The online hospitality service Airbnb announced on Tuesday that it has reversed its November decision to blacklist about 200 Jewish-owned properties in Judea and Samaria and has settled all lawsuits.

“Under the settlement terms, Airbnb will not move forward with implementing the removal of listings in the West Bank from the platform,” said the company in a statement. “We understand the complexity of the issue that was addressed in our previous policy announcement, and we will continue to allow listings throughout all of the West Bank, but Airbnb will take no profits from this activity in the region.”

Instead, all profits will go towards nonprofit groups “dedicated to humanitarian aid that serve people in different parts of the world.”

“Airbnb has always opposed the BDS movement. Airbnb has never boycotted Israel, Israeli businesses or the more than 20,000 Israeli hosts who are active on the Airbnb platform,” added the company. “We have always sought to bring people together and will continue to work with our community to achieve this goal.”

Alan Dershowitz, constitutional law scholar and professor emeritus at Harvard University Law School, told JNS that he has been in contact with Chris Lehane, Airbnb’s head of global policy and public affairs, urging him to reverse the decision. Following a tour of the West Bank in December, Lehane was apparently “under consideration” at the time.

“Let’s hope they stick with it,” said Dershowitz. “Previously, they said they would do it, and they didn’t.”

“It’s a good result,” he added. “I will call Chris Lehane, and congratulate him for doing it and urge him to make sure he keeps it.”

Shurat HaDin Law Center and the Conference of Presidents of Major American Jewish Organizations were among the pro-Israel groups that celebrated the reversal after months of ongoing pressure from the pro-Israel and Jewish communities.

“This is a powerful defeat for the anti-Israel boycott movement,” they said in a statement. “Other international companies need to learn [similar] lessons.”

“This a critical decision given the high visibility of Airbnb and the attention given to its earlier announcement,” said Conference of Presidents chairman Arthur Stark and executive vice chairman and CEO Malcolm Hoenlein. “The concern was that it was not only discriminatory, but that it would set a precedent for other companies and be portrayed as an endorsement of the Boycott, Divestment and Sanctions [BDS] movement.”

“We applaud the individuals and organizations who spoke out against this policy and placed pressure on Airbnb with a unified voice, and congratulate the plaintiffs who filed lawsuits challenging the legality of the policy, and the states that went on record that application of the policy would disqualify Airbnb from eligibility for state contracts,” StandWithUs co-founder and CEO Roz Rothstein told JNS. “This outcome demonstrates that companies wishing to engage in discriminatory boycotts against Israel will be the ones most harmed by such a decision.”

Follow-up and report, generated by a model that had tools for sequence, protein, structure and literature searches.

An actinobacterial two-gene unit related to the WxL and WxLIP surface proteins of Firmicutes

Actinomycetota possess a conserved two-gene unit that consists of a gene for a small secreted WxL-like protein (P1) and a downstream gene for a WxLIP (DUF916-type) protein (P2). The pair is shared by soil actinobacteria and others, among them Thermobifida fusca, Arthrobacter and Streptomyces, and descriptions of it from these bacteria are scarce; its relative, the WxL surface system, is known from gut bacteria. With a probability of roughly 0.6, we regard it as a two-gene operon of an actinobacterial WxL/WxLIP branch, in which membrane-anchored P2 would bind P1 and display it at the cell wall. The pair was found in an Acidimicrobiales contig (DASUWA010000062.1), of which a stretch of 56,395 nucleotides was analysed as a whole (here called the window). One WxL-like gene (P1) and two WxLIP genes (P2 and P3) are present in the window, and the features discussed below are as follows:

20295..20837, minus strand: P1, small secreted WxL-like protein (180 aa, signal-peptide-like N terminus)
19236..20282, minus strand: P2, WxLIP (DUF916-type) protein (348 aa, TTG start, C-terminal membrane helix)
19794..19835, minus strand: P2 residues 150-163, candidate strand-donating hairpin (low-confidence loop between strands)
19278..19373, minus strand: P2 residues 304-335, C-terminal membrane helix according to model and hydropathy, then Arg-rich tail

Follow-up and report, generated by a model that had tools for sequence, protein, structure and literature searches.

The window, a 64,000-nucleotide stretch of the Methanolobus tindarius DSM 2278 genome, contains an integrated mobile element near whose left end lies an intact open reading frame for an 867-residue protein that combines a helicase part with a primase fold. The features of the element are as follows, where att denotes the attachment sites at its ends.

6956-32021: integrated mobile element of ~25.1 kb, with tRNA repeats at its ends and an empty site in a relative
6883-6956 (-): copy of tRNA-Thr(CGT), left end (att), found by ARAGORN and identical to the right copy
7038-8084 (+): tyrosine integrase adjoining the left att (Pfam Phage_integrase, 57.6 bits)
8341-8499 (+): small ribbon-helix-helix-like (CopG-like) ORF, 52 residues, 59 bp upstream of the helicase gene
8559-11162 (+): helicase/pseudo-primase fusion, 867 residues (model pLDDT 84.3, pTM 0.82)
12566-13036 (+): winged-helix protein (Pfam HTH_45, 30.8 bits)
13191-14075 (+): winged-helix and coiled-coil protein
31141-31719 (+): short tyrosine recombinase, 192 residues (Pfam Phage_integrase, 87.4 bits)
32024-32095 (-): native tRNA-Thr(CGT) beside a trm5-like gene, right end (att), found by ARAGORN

“.@Airbnb’s policy was discrimination against Israelis,” tweeted the American Israel Public Affairs Committee. “Today they reversed this misguided policy and announced they are opposed to the BDS movement. We must call BDS what it is: anti-Israel, anti-peace, & damaging to U.S. interests.”

Sarah Stern, founder and president of the Endowment for Middle East Truth, told JNS that Tuesday’s decision represents “a tremendous victory against the prejudicial and discriminatory policies of the BDS movement,” and that “other companies who have decided to support the BDS movement would be wise to take heed.”

She said that “Muslim and Christian owners of properties in Judea and Samaria were clearly allowed to list their properties on the site, while Jewish home owners had been prohibited from doing so, which is clearly discriminatory against those who practice Judaism.”

B’nai B’rith International also commended the decision, saying that its “earlier, highly discriminatory action only served to embolden Palestinian rejectionists and gave encouragement to the BDS movement aimed at delegitimizing Israel.”

Lawfare Project executive director Brooke Goldstein stated her message for Airbnb: “Shame on Airbnb for thinking that it could, even for a second, implement a policy that so blatantly discriminated against Jews and still do business in the United States.”

Mort Klein, president of the Zionist Organization of America, said the decision was a “necessary and important retraction.”

“Airbnb has done the only right thing, and rescinded its earlier decision to stigmatize and target Jewish properties in this way,” he told JNS.

“We appreciate that Airbnb and [its co-founder] Brian Chesky listened to us and the wider community, and course-corrected on how they implement their listing policy. We also welcome their clear rejection of BDS and embrace of the Israeli market,” said Jonathan Greenblatt, CEO of the Anti-Defamation League.